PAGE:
Many of you will eat pancakes today. Why?
Tomorrow some people will have ashes on their foreheads. Huh?
And some of you will “give up” something for Lent. Um, really?
Every year these things starting happening and I often get a bunch of questions about their meaning and history. So I thought I’d blog about it! Here is a super-short summary for your maple syrupy fun, and also for your deeper craving for spiritual renewal.
On February 13th Lent begins. (The word ‘Lent’ is an old one just meaning ‘spring’ because this season roughly coincides with the start of spring.) Lent is the 40 day period leading up to Easter. If you do the math on your calendar and it doesn’t add up that’s because you don’t count Sundays. Lent is a time of spiritual preparation for the ground zero of the Christian faith: Easter. I remember that John Irving novel called A Prayer for Owen Meany. In it he says, “Anyone can be sentimental about the Nativity; any fool can feel like a Christian at Christmas. But Easter is the main event; if you don’t believe in the resurrection, you’re not a believer.” I loved his passion!
This is the day before Lent begins. The name comes from a practice in England to “shrive” on this day. Huh? That is when we seek and receive forgiveness for our sins. It’s a part of getting ready for the season of Lent. But where do pancakes come in? Since people often fast during Lent, an old custom was to get rid of fatty foods. People would often use up fat (particularly in pancakes) before Lent. Because of this it is also called “Fat Tuesday.” So there you go!
I recall a moving service when I was worshipping at St. Andrew’s in Toronto. The minister, Will Ingram, reminded us that the ashes we received on our heads (not all churches do this; depends on local customs), were a sign of our mortality. He started his message by saying that one of the things we all had in common was that we were all going to die. It was powerful to leave the service and travel on the subway with a visible sign of my faith (and mortality) on my forehead. I was also surprised to see how many others had the ashes. Very encouraging.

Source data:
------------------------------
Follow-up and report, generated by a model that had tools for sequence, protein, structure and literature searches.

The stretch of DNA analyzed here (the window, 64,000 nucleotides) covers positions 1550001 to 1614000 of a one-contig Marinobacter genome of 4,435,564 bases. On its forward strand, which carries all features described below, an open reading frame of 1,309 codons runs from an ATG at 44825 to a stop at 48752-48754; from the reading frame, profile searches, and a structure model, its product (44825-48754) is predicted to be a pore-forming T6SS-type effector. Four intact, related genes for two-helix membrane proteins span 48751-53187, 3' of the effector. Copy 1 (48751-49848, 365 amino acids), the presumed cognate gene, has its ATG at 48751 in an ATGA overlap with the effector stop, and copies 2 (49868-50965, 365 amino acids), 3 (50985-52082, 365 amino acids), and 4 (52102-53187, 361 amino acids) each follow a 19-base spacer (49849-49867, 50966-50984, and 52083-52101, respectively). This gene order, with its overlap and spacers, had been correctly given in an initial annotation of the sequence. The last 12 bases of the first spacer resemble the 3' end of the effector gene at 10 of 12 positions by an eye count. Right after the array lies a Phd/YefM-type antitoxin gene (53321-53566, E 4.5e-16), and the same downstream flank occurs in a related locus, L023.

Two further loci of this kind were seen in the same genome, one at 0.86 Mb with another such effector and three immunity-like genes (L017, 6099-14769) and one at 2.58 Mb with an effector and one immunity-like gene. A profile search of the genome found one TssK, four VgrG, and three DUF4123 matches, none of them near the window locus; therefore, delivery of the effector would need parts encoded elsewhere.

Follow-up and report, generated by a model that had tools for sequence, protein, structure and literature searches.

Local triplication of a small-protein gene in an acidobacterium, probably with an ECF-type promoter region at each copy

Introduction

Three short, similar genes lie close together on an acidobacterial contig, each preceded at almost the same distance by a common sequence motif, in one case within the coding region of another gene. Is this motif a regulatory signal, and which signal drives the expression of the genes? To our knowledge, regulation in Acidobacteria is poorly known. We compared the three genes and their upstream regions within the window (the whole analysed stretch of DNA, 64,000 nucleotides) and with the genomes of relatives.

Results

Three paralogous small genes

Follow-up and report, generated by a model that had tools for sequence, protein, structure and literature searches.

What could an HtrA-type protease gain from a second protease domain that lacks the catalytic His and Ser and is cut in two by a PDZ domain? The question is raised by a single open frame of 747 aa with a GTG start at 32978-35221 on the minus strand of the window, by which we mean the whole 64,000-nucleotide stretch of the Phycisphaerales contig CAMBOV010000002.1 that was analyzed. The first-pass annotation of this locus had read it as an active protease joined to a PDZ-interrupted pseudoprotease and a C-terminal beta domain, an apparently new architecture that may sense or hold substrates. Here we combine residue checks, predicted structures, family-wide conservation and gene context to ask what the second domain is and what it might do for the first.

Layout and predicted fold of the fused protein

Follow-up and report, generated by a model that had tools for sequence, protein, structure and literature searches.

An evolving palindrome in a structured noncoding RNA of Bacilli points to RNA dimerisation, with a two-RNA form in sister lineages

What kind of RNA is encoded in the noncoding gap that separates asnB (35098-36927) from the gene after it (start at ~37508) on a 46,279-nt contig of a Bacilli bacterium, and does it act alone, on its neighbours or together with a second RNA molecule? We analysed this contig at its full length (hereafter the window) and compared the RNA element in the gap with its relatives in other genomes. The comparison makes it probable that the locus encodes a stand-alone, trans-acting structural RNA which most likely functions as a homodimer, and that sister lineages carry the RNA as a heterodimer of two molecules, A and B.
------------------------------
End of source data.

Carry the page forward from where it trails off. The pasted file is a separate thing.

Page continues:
Ashes represent our “ashes to ashes, dust to dust” mortality. At least to this life. It is a time of penitence and sorrow for our brokenness and sin.
So are you giving anything up for Lent this year? That’s another question I get. And then people sometimes ask, “Is that something I should do?” It’s up to you! But here’s my advice:
Think of your spiritual preparation for Easter not so much a “giving up” but as a “taking upon” yourself. Take upon yourself something to renew and open your receptivity to the Way and presence of God. The frost is receding and it’s time for the blossom to step forward. You can do this with taking up practices that are meant to help your faith grow. Some of the most popular are: acts of charity or kindness, or Bible reading, or more regular worship attendance, or more intentional prayer, or giving up certain kinds of foods (this is loosely connected to the fasting motif).
In the past I’ve “given up” many things—some easier than others. I’ve always found food tough; but the practice can be more meaningful if it is replaced with something. But my advice to you is to not make it something too easy. Don’t cheapen the exercise. Engage in something that will open you to the coming mystery and power of the crucifixion and resurrection in a new way.
Challenge yourself to change.
Are you facing a difficult decision in your life? Are you stuck with something? Or are you hungry for renewal? Use the 40 days as a time to rebirth the presence of God in your life. The number 40 is significant: The great Flood was for 40 days; Moses was up the mountain 40 days; the Hebrews wandered through the wilderness 40 years; Jesus was tempted by the Devil for 40 days. After each experience, a new thing happened. A God thing happened. The same can be true for you.
It’s no coincidence that full-term for a pregnancy is about 40 weeks. How will Lent rebirth you?